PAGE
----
Friday, May 14, 2010

a week away

we were in Vermont for a week, living in a good friend's house in Rochester, which will never be accused of being urban or even suburban. Rochester is barely rural. Being in Vermont's rural areas reminds both of us of growing up in southern West Virginia. There are no strip mines, that I know of, in Vermont, but the mountains are very similar and 'rural' is 'rural'--hence the remarkable success of Garrison Keeler and "Prairie Home Companion". Rural is simply Rural--the ethnicity might differ from place to place (there were no Scandinavians in Southern West Virginia but lots of Hungarians, Italians and Polish folks, plus the then dominant Scots Irish and African Americans.

If two guys hadn't been working on a house down the road where I walked our dog and if I hadn't, one time, drove into Rochester to get a few provisions, we wouldn't have seen another human being for a week! And there weren't many 'creatures' either. There are more birds and creatures in my back yard than on that mountain, so far as I could tell. Maybe it was too cold. It did snow in May one day and the temperature was in the 20's a few nights--but the house was cosy and wonderful--comfortable and artistic and sweet. So we read books: I read 9 books, Bern probably read more since I walked the dog exclusively. So we ate and ate well--good food and good wine. And we slept a lot. I took a nap most days and slept 9 hours each night. And it was so quiet. The house was as sound proof as anywhere I've ever been. Our dog, who barks at every little noise at home, had nothing to bark at. He was strangely silent and content to walk a few times a day, eat and sleep. To my knowledge, he read no books.

It was a quiet and dear time. My retirement has been a worry for both Bern and me--not knowing if I could be around so much and not be annoying to her. Well, there we were for a week with no other company or outlet and we didn't come to blows, in fact, we enjoyed being in each other's nearly silent company. That's good to know.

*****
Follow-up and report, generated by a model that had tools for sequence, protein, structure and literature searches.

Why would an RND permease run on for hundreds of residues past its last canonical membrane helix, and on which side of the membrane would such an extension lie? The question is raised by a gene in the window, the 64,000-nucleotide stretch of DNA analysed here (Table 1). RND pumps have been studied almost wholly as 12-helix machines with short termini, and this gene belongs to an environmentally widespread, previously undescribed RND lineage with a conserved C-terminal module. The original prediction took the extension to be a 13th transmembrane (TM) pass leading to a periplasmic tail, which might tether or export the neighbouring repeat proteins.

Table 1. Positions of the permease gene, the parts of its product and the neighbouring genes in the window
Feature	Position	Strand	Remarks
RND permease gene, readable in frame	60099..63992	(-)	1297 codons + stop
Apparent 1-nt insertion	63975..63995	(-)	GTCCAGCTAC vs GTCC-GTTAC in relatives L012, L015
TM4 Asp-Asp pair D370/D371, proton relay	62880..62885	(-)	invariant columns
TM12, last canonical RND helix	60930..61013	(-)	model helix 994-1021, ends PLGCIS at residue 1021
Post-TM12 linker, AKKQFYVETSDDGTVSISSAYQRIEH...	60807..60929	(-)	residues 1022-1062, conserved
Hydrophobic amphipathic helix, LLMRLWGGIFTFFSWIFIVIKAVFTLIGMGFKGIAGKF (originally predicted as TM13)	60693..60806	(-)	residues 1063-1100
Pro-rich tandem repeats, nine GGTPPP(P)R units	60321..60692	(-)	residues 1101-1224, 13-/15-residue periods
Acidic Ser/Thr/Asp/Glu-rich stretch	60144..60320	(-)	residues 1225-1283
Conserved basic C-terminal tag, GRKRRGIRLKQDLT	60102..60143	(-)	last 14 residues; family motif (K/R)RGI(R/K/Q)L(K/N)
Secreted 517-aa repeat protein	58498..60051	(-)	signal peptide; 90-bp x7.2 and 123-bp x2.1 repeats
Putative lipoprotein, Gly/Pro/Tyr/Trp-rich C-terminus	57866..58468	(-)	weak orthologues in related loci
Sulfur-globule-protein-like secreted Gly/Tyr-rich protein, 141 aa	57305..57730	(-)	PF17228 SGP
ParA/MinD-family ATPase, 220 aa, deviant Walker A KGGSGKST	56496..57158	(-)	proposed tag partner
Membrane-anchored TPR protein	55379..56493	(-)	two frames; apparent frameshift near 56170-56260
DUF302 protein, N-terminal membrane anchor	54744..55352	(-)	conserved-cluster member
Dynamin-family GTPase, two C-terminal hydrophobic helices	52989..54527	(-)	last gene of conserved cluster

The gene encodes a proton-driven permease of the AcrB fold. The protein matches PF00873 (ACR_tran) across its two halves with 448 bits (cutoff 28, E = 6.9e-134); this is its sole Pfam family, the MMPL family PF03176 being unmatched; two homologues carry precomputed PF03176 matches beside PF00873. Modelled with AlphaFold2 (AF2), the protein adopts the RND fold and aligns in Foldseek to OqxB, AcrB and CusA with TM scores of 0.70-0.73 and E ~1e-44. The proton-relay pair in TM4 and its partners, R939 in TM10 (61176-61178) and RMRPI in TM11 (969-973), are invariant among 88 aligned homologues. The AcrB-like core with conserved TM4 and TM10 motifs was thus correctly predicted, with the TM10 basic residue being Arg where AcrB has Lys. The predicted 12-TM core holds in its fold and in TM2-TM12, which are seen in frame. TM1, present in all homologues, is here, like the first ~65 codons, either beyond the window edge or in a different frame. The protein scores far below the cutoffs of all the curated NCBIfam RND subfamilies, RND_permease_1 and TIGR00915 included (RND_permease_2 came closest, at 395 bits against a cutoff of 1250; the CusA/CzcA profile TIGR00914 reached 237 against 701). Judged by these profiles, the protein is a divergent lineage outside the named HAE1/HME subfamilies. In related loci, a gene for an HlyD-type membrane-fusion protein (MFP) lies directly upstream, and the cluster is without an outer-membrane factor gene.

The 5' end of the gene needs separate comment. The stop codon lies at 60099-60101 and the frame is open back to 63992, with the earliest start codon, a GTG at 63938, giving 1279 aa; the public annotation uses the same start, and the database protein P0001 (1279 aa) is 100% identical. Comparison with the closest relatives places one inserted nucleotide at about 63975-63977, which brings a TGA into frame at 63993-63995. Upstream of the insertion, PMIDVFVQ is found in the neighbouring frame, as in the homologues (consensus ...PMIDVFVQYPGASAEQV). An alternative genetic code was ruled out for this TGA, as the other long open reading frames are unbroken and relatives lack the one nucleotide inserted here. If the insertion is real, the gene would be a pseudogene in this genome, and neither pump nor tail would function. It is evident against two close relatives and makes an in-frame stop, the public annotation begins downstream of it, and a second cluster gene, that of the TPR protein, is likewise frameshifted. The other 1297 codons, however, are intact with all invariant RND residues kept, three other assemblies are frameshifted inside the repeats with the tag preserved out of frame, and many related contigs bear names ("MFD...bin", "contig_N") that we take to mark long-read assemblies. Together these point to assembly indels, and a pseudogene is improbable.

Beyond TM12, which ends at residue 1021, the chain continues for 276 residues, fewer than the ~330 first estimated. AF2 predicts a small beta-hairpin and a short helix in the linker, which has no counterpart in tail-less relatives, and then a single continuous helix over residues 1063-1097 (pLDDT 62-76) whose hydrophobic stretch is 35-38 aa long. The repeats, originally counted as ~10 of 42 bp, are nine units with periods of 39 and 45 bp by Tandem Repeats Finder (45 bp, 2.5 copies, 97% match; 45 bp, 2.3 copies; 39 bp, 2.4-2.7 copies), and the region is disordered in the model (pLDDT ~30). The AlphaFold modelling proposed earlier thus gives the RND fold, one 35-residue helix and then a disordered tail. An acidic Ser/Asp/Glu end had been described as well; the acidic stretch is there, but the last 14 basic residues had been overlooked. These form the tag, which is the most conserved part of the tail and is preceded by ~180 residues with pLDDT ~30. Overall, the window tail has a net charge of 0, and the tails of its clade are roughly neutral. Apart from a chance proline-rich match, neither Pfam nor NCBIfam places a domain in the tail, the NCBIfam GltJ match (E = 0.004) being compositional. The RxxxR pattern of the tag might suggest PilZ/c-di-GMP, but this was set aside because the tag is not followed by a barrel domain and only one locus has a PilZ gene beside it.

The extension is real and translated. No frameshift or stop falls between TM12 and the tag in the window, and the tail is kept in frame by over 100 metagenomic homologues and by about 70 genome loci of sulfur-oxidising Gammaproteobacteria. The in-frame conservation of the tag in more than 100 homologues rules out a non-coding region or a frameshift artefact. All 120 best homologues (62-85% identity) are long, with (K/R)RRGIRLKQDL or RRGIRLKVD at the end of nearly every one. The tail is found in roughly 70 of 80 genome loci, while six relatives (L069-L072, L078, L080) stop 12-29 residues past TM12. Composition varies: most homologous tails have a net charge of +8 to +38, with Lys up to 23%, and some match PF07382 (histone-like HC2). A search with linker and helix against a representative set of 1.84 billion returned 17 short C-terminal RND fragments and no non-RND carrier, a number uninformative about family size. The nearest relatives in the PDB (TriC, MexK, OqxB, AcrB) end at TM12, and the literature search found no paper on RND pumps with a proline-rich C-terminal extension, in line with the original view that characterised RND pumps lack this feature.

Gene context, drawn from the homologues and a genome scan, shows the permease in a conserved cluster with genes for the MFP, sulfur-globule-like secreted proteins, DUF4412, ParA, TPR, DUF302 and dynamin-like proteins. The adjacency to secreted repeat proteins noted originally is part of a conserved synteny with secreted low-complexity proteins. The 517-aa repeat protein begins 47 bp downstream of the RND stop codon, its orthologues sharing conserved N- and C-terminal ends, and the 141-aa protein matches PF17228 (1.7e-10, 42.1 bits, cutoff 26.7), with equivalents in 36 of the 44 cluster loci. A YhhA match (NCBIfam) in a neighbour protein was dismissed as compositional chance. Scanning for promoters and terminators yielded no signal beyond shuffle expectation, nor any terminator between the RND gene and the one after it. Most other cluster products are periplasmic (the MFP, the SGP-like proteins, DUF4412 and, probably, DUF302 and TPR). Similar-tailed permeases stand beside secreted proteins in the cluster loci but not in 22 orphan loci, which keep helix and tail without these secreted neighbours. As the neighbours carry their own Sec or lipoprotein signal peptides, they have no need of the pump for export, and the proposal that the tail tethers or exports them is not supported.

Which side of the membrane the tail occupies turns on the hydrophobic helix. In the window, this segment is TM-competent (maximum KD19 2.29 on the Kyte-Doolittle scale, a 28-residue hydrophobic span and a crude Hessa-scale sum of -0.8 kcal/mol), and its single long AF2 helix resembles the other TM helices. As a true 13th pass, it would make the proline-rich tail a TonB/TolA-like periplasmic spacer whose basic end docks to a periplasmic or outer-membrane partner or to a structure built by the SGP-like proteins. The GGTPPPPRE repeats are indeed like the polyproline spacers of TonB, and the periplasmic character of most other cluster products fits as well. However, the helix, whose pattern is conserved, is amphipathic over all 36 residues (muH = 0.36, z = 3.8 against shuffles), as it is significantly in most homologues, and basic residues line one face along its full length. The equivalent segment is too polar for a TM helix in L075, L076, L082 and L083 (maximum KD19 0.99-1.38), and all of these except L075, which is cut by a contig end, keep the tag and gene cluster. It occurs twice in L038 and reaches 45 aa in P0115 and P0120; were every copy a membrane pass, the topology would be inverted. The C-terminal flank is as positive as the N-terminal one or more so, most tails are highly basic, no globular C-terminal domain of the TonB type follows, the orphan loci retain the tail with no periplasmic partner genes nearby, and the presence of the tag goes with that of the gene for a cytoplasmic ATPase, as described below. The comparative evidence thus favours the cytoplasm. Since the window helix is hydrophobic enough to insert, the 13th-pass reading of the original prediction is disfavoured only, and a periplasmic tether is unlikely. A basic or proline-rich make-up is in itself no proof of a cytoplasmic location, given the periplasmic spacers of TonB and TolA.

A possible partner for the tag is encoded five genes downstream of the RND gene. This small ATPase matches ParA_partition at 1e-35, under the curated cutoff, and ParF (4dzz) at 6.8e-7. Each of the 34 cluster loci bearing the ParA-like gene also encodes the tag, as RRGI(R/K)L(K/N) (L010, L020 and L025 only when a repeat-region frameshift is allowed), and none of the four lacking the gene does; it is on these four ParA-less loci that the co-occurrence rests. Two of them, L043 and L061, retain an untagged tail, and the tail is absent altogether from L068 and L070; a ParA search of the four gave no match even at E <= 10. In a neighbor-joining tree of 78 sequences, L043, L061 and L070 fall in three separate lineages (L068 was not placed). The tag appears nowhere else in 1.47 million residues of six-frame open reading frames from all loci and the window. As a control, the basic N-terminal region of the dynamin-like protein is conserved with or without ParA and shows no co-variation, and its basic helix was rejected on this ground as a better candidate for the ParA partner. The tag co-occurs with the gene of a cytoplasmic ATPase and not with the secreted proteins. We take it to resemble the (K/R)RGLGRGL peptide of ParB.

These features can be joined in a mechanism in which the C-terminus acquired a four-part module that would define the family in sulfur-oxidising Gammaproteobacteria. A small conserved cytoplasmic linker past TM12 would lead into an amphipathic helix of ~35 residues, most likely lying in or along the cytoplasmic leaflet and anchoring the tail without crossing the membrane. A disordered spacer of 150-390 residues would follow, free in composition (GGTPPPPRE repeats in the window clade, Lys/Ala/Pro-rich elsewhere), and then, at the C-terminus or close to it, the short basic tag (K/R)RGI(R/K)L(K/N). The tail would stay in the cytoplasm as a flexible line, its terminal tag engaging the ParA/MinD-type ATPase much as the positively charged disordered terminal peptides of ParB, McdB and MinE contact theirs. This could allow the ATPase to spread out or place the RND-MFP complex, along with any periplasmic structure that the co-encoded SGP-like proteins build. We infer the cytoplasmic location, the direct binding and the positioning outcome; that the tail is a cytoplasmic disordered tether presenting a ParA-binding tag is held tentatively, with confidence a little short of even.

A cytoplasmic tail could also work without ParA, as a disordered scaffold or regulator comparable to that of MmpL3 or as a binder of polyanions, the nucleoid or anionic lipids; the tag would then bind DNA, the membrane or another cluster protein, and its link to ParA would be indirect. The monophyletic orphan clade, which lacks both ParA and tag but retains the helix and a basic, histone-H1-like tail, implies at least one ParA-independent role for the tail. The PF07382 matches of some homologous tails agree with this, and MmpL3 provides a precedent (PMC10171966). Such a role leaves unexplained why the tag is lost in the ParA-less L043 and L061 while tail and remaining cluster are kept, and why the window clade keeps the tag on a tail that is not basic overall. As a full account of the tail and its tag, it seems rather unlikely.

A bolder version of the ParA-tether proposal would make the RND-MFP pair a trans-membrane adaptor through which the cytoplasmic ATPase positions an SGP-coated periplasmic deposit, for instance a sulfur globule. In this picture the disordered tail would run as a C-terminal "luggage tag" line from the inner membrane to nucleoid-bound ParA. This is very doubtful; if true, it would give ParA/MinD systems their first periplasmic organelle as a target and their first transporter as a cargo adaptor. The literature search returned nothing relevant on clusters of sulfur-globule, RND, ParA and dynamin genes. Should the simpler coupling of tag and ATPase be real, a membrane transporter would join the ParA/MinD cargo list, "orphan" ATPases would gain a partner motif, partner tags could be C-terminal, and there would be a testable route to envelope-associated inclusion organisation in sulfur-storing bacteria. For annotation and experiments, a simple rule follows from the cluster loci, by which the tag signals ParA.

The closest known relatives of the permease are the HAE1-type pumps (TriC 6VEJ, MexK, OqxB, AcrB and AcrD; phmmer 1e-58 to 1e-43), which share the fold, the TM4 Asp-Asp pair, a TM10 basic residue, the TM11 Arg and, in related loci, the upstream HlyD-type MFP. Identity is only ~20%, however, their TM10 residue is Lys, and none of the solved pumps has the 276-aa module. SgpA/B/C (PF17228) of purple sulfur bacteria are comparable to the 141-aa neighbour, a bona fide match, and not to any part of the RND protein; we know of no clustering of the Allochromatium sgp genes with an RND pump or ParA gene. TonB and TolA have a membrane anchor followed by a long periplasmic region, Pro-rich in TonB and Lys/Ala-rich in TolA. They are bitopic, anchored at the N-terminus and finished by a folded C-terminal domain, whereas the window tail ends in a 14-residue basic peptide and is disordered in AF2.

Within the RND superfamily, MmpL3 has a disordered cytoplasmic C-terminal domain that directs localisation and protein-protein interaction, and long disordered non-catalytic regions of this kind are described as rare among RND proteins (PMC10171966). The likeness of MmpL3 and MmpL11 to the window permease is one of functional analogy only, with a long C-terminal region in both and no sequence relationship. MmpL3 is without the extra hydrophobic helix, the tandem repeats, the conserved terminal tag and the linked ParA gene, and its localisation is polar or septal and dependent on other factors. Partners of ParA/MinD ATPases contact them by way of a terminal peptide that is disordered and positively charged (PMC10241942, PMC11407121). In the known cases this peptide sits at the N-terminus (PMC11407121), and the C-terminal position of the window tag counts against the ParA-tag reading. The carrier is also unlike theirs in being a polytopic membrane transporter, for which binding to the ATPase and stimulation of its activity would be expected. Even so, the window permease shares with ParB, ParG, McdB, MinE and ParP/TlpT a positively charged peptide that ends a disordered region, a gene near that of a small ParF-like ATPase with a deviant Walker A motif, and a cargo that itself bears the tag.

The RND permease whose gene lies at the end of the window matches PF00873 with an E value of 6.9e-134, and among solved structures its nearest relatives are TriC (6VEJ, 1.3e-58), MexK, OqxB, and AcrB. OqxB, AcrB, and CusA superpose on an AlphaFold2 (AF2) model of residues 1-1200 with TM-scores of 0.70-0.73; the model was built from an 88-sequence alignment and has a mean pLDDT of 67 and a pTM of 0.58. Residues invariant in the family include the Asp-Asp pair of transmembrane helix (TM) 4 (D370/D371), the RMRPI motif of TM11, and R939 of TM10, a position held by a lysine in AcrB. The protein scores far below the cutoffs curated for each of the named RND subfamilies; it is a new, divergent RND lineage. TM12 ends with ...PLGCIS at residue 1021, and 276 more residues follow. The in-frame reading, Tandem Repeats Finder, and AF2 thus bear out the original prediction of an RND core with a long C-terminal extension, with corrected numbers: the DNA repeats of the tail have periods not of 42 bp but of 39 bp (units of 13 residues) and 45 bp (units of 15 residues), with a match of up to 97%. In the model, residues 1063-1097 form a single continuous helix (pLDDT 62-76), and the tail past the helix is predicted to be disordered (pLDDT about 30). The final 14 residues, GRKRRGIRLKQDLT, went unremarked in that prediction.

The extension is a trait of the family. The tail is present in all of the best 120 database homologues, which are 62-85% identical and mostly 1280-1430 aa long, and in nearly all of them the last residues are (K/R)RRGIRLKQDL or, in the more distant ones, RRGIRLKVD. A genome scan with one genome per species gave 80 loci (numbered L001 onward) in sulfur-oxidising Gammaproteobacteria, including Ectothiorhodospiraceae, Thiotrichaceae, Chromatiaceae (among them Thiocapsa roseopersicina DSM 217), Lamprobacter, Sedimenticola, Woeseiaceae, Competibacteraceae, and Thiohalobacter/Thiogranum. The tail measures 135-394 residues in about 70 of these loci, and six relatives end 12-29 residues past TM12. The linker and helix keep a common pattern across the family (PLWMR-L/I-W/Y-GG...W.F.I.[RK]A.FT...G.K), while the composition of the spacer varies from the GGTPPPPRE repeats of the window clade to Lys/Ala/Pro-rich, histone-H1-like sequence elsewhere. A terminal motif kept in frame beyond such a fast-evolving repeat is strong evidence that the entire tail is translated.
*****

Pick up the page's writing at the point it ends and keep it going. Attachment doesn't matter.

I wrote some too. Here's a poem I wrote in Vermont.


We are on a mountain top in Tennessee
(Actually, Vermont, but the birth
of Davie Crockett--king of the wild frontier--
is never far from my mind....)

You can see the roof of one other house
from the deck of my friend's home.
But mostly, all you see are trees
and, in the distance, a dozen other mountains.
That's all. And yet there are few birds.

The name of this colony is "something Hawk",
(I forget exactly....)
And not a hawk in sight.
No bird songs, though I heard the distant caw
of a crow once.

Our house down south in Connecticut
(at least south of Vermont,
not nearly Tennessee or West Virginia,
where we both grew up, Bern and I)
is surrounded by birds.
There is even a pair of robins
nesting on our front porch in Cheshire.

They practically--all those birds--
sing from the dusty pre-dawn
until full darkness every day.
And our parakeets call out,
from captivity,
to the free birds outside.

So where are the birds on this Vermont mountain?
Maybe it is still too cold--in the 20's last night,
snow one day we were here...and this is May!

Or maybe they flew to Connecticut,
having heard we were gone,
to join the raucous chorus there. (jgb--5/10/10)

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some ponderings by an aging white man who is an Episcopal priest in Connecticut. Now retired but still working and still wondering what it all means...all of it.